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Did the Trump Tax Cuts 'Work'?

The 2020 election cycle has been severely disrupted by the Covid-19 pandemic, and is now being affected by the law and justice issues related to the death of George Floyd at the hands of a Minneapolis police officer.

But there’s still a presidential election less than five months away, and whatever else is going on, the success or failure of the 2017 tax cuts pushed by President Trump and passed by a Republican Congress is certain to be a major issue. You would expect Republicans to claim the tax cuts were a success and Democrats to attack them as a miserable failure.

So did the Trump tax cuts work?

That’s a different question than “were the Trump tax cuts wise?” Democrats seem to never support tax cuts and are always advocating tax increases, so you would expect them to disagree about whether they were wise.

Whether they worked or not should be determined by the design goals of the tax cuts’ proponents, and we know what those goals were. President Trump and congressional Republicans intended the tax cuts to stimulate increased economic growth, which would result in increased job creation and personal income.

Further, the tax cuts were designed to target the middle class and not be a tax cut for upper-income earners. Specific features were designed to limit the upside benefit for high income earners, such as the cap on the deduction for state and local taxes (SALT).

So what happened? IRS analysis released in early March, before the world went crazy, tells us some very interesting things.

The tax cuts did increase economic growth over previous years and over the CBO predicted baseline, though not quite reaching the Trump administration’s 3.0 percent annual goal. This increase in economic growth resulted in an increase in adjusted gross incomes of 5.7 percent in 2019 over 2018, the biggest jump in AGI in several years.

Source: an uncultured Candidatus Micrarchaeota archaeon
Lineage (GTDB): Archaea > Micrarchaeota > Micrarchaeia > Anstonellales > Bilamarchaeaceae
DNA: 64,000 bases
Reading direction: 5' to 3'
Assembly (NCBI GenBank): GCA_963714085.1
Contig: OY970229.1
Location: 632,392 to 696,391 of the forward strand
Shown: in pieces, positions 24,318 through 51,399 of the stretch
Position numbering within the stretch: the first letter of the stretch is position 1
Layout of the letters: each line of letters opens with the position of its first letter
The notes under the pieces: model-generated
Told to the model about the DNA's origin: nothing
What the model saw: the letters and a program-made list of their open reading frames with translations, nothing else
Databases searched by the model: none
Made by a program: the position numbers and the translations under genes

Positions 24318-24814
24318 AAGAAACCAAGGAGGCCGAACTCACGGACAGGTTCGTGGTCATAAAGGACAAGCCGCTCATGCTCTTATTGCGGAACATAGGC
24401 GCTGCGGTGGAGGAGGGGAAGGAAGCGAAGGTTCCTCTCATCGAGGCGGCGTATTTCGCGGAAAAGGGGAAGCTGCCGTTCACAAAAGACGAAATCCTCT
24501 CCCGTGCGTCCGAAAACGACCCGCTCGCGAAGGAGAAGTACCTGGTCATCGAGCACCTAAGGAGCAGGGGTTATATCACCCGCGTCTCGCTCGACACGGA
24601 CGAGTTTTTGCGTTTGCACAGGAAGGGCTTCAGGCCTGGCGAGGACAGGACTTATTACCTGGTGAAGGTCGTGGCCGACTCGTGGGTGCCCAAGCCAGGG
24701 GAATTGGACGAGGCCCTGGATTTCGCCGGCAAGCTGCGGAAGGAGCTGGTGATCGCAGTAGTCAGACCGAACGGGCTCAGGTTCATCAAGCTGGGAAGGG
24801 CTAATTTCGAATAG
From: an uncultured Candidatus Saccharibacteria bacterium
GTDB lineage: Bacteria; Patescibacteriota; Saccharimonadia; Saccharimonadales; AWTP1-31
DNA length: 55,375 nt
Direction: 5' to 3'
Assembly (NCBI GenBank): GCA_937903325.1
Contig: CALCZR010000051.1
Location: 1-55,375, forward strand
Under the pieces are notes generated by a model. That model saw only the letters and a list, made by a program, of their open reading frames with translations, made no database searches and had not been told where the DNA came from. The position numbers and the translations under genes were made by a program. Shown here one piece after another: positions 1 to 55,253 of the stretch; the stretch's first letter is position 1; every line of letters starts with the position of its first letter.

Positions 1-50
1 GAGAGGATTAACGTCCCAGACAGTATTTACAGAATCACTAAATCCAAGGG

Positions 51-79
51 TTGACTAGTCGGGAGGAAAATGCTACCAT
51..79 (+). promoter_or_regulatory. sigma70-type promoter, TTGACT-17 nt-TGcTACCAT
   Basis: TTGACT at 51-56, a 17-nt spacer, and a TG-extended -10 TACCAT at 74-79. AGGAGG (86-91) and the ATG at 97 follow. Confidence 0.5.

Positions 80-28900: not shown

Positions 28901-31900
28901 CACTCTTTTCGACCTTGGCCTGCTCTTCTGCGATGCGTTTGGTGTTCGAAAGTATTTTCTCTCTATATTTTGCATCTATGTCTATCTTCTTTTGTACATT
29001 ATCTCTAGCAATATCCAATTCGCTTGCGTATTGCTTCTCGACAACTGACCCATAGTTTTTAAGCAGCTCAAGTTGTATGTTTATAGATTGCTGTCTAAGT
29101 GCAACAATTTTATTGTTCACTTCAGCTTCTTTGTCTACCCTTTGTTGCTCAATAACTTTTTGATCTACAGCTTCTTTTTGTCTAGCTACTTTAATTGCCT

The tax cuts also succeeded in targeting benefits at the middle class. Taxpayers reporting between $40,000 and $50,000 per year had the largest percentage tax cut of any group, with a 14.5 percent tax cut. Overall, those who earned less than $200,000 per year saw a 10.96 percent tax reduction with the sharpest reductions for those who earned between $25,000 and $100,000.

By contrast, those who earned over $1 million per year saw the smallest tax reduction (4.3%).

Between lower taxes and higher adjusted gross incomes, Americans were significantly better off after the Trump tax cuts.

And federal revenue has consistently increased in the years after the Trump tax cuts. Despite the enormous tax cut, federal revenue increased by $10 billion in 2018, by $130 billion in 2019, and was projected to grow by even more in 2020 before the Covid-19 pandemic and its economic effects.

It’s true that the federal budget deficit has also increased, but that is because federal spending has increased faster than revenue has. That’s the fault of Congress, not the tax cut.

So did the Trump tax cuts work? Yes—GDP growth increased, which led to significantly increased personal incomes and job creation. And the individual tax cuts primarily benefitted middle-income earners rather than the wealthy. But whether anyone will care about that in November is another question.